The ultimate swap was a complete change of ownership in January 1993 when Gannett sold the Star-Bulletin - and bought The Advertiser. This quarter-of-a-billion dollar purchase by Gannett also included all of the News Building property at Kapiolani and South Streets. The Star-Bulletin was purchased by Liberty Newspapers, based in Arkansas and led by Rupert Phillips.

Diane Chang moved from Hawaii Business magazine to Star-Bulletin leadership as a senior editor and editor of the editorial pages.

Chang, an accomplished UH-Journalism alumna, is one of several Hawaii women journalists who have made significant contributions to local journalism.

One of the Star-Bulletin's longest tenured employees -- 36 years -- was Louise J. "Loujo" Hollingsworth, who covered the court beat for the afternoon newspaper.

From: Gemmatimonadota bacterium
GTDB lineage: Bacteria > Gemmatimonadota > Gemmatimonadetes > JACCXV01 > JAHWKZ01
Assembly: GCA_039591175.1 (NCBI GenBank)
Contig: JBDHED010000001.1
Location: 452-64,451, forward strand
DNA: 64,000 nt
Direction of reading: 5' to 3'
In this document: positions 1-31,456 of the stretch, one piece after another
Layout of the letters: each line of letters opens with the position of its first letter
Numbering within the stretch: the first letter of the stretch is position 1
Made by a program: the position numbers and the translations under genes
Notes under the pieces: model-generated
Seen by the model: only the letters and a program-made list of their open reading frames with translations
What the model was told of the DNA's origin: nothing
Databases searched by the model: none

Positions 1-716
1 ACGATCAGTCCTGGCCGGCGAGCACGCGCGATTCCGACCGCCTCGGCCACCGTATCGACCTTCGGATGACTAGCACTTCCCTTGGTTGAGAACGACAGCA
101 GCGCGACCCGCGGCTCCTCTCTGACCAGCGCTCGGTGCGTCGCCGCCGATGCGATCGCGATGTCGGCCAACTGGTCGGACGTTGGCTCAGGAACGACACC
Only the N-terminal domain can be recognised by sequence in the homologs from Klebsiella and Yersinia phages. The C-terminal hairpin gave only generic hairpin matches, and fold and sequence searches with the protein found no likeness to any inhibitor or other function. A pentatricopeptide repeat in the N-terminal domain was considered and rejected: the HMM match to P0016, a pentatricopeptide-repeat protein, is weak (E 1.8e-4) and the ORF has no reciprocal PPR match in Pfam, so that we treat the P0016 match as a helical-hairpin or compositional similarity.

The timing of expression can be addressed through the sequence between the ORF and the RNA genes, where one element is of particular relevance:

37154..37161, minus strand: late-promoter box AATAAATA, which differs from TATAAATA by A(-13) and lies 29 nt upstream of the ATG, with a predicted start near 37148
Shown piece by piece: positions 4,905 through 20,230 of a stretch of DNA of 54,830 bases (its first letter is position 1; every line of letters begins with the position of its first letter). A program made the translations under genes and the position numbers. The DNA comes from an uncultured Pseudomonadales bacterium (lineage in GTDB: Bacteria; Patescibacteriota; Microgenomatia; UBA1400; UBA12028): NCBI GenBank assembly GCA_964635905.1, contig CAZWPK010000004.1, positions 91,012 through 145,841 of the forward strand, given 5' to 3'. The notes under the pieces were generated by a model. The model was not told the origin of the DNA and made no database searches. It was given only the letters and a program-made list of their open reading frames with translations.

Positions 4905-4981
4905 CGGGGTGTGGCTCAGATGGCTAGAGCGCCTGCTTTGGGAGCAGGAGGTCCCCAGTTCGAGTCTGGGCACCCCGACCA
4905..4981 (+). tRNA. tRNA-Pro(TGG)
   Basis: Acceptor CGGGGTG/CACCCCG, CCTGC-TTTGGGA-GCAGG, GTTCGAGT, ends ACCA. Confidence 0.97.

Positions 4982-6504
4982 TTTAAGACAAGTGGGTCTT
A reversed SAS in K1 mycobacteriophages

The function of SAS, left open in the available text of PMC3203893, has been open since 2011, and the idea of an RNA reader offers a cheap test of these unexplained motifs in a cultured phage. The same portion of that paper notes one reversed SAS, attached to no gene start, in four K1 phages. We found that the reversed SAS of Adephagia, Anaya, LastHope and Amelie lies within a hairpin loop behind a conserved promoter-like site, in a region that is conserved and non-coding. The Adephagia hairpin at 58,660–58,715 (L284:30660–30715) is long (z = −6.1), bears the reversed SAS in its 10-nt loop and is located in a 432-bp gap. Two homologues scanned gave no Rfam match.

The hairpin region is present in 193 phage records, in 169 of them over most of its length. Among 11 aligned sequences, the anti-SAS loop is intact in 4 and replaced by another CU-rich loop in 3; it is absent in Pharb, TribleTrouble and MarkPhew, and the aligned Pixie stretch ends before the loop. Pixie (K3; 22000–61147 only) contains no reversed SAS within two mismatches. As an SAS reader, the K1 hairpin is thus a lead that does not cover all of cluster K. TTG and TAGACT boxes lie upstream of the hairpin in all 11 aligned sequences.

Loujo was a fixture in the courtroom, serving as a mentor for many young attorneys -- and even judges -- as well as a reporter.

Loujo totally rejected the notion of 1930s newspapering that women should cover only the society pages.

She was the key reporter for the 1932 Massie trial that deepened Hawaii's racial divisions and featured a defense by Clarence Darrow -- the most celebrated attorney in the nation.

Loujo retired in 1962, ending a 44-year career. Tomi Knaefler described her eccentricities and warmth:

"With a jig-saw past that includes two tattooed butterflies above her knees. . . .With compassion that moves her to take care of blind vendor Harry Kim's snack stand every lunch hour so he can take Mike, his seeing eye dog, for a walk."